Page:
Follow TV Tropes


Comic Book / The Eternals

Go To
Humanoid beings with cosmic power courtesy of Jack Kirby? Sounds familiar...note 

The Eternals is a Marvel comic book series, originally created by Jack Kirby. Premiering in 1976, it was the story of the Eternals, a race of nigh-immortal humanoids created by the giant Celestials to defend humanity against the monstrous Deviants. The original series ran for 19 issues (and one annual) before being cancelled, leaving several plotlines unresolved.

Later appearances in The Avengers and back-up strips in What If? connected Kirby’s Eternals to Jim Starlin’s Titans, establishing that the Titan leader Mentor was actually A’Lars, brother to Kirby’s Eternal leader Zuras. All of which also meant that villain Thanos was descended from Earth’s Eternals.

A 12-issue miniseries starring the Eternals was released in 1985, mostly written by Peter B. Gillis (Walt Simonson took over as writer for the last four issues), but it failed to inspire an ongoing series.

A one-shot 1991 comic by Dann Thomas, Roy Thomas and Mark Texeira - Eternals: The Herod Factor - was the next story to feature the Eternals as stars rather than supporting cast.

In 2000, another one-shot comic by Karl Bollers and Mike Higgins - New Eternals: Apocalypse Now - relaunched them as a more traditional superhero team, with code names and several new Eternals introduced alongside the original core cast. Again, it failed to inspire a longer series, and this approach wasn’t followed up elsewhere.

In 2003, Chuck Austen and Kev Walker created an Alternate Continuity version, The Eternal, for the Marvel MAX ‘mature readers’ line. In this series, Eternals are slaves, deployed by Celestials to forcibly evolve lesser creatures into slave labour. But then their leader falls in love - and decides to rebel against the Celestials.

Neil Gaiman and John Romita, Jr. returned to the original Marvel Universe concept for a seven-issue ''Eternals'' miniseries in 2006. In this miniseries, reality has warped and the Eternals now believe that they're just regular humans, but they need to remember who they truly are and regain their powers before their foes awake a buried Celestial - who might destroy the Earth. Gaiman used the reality-warping element to rewrite some of the Eternals’ history and purpose, as well as expand the cast by resurrecting several dead characters.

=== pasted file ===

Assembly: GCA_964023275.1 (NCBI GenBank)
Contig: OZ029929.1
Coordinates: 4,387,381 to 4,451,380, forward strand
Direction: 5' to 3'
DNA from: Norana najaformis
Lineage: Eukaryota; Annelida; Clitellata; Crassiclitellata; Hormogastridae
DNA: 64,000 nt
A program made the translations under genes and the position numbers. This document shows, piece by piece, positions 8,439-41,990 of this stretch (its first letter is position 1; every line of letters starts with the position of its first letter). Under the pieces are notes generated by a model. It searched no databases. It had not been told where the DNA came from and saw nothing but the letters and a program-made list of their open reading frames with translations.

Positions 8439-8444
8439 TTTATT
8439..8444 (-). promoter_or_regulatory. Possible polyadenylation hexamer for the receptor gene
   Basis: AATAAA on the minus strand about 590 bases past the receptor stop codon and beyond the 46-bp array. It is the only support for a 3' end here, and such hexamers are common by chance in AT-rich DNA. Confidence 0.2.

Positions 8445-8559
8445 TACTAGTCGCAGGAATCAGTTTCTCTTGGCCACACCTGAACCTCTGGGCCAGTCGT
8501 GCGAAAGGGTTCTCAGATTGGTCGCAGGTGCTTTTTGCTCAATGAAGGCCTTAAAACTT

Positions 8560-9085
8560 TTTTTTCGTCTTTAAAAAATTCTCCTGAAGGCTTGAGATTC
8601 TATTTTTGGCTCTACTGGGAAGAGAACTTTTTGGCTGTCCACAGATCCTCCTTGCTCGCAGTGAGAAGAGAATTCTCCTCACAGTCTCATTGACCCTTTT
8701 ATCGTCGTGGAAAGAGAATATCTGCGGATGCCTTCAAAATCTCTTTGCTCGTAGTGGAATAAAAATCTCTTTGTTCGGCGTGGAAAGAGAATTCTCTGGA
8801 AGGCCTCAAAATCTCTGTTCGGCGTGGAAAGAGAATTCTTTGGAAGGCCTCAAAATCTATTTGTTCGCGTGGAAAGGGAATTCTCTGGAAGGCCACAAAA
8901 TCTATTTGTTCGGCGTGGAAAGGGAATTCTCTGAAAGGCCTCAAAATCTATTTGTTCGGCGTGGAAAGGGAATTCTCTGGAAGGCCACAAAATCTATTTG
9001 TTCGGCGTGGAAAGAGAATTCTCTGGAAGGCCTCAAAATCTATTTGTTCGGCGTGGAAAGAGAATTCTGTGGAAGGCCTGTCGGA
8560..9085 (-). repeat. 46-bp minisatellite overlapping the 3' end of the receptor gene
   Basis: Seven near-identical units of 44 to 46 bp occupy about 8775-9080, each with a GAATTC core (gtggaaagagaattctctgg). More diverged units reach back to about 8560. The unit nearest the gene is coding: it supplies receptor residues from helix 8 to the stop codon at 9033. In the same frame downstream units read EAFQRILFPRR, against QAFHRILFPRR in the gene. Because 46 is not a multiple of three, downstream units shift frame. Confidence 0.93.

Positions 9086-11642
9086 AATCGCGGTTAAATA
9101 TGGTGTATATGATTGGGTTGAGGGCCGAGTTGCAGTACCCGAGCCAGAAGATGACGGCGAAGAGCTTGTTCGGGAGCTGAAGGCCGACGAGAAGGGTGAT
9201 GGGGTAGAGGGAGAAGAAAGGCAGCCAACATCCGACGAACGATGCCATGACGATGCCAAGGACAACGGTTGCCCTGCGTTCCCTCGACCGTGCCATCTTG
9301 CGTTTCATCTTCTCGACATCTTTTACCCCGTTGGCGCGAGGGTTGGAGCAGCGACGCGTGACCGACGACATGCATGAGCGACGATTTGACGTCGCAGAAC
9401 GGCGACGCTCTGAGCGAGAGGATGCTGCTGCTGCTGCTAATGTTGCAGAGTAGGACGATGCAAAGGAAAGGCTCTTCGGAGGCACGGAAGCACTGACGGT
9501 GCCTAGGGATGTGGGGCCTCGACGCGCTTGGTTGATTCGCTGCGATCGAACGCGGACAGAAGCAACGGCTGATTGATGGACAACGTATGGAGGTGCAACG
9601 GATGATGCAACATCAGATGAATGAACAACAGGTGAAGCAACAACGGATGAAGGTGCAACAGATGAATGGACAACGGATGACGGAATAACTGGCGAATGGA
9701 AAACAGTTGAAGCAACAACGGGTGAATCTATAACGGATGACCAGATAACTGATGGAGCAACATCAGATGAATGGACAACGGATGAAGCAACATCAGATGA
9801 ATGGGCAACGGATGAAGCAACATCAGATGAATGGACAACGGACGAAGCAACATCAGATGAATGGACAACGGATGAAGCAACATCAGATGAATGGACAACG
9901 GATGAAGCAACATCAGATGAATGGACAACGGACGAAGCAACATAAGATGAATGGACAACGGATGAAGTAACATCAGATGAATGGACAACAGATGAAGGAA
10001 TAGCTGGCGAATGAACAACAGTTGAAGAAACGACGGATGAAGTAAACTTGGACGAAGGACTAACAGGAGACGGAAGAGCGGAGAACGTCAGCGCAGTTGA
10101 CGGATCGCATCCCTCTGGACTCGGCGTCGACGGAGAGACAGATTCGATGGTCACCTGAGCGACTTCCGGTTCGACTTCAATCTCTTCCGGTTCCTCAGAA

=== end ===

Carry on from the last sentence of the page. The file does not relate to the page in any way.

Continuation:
In 2008 the Gaiman/Romita miniseries was directly followed by a short-lived Eternals ongoing series, written by Charles and Daniel Knauf and initially illustrated by Daniel Acuna.

Following on from this, the Eternals (and Celestials) were again relegated to supporting cast - some aspects of the Gaiman and Knauf series were written out in various ways, and the Eternals themselves were killed off en masse to fuel the initial arc of a relaunched Avengers series.

In 2021, a new series began, written by Kieron Gillen, with art by Esad Ribic. It serves as a soft reboot, building on the Gaiman and Knauf runs with a few retcon amendments - and reintroducing the Eternals and the concepts behind them as the story moves forward.

The second arc of the 2021 series also leads into Marvel's 2022 Crisis Crossover, Judgment Day, which is also written by Gillen, and puts the Eternals at the heart of a major Marvel event for the first time. A related miniseries by Gillen and artist Guiu Vilanova, Death to the Mutants, focuses on the Eternals and their perspective on the event.

A Marvel Cinematic Universe film adaptation titled simply Eternals, was released on November 5, 2021, directed by Chloé Zhao. It marks the debut of the first deaf MCU superhero, played by Lauren Ridloff, as well as the first explicitly queer lead of an MCU film, Phastos, portrayed by Brian Tyree Henry.

(A one-off comic, Eternals Forever, which is not directly related to the Gillen series, was also released just before the film and acts as an introduction to the comic versions of the characters)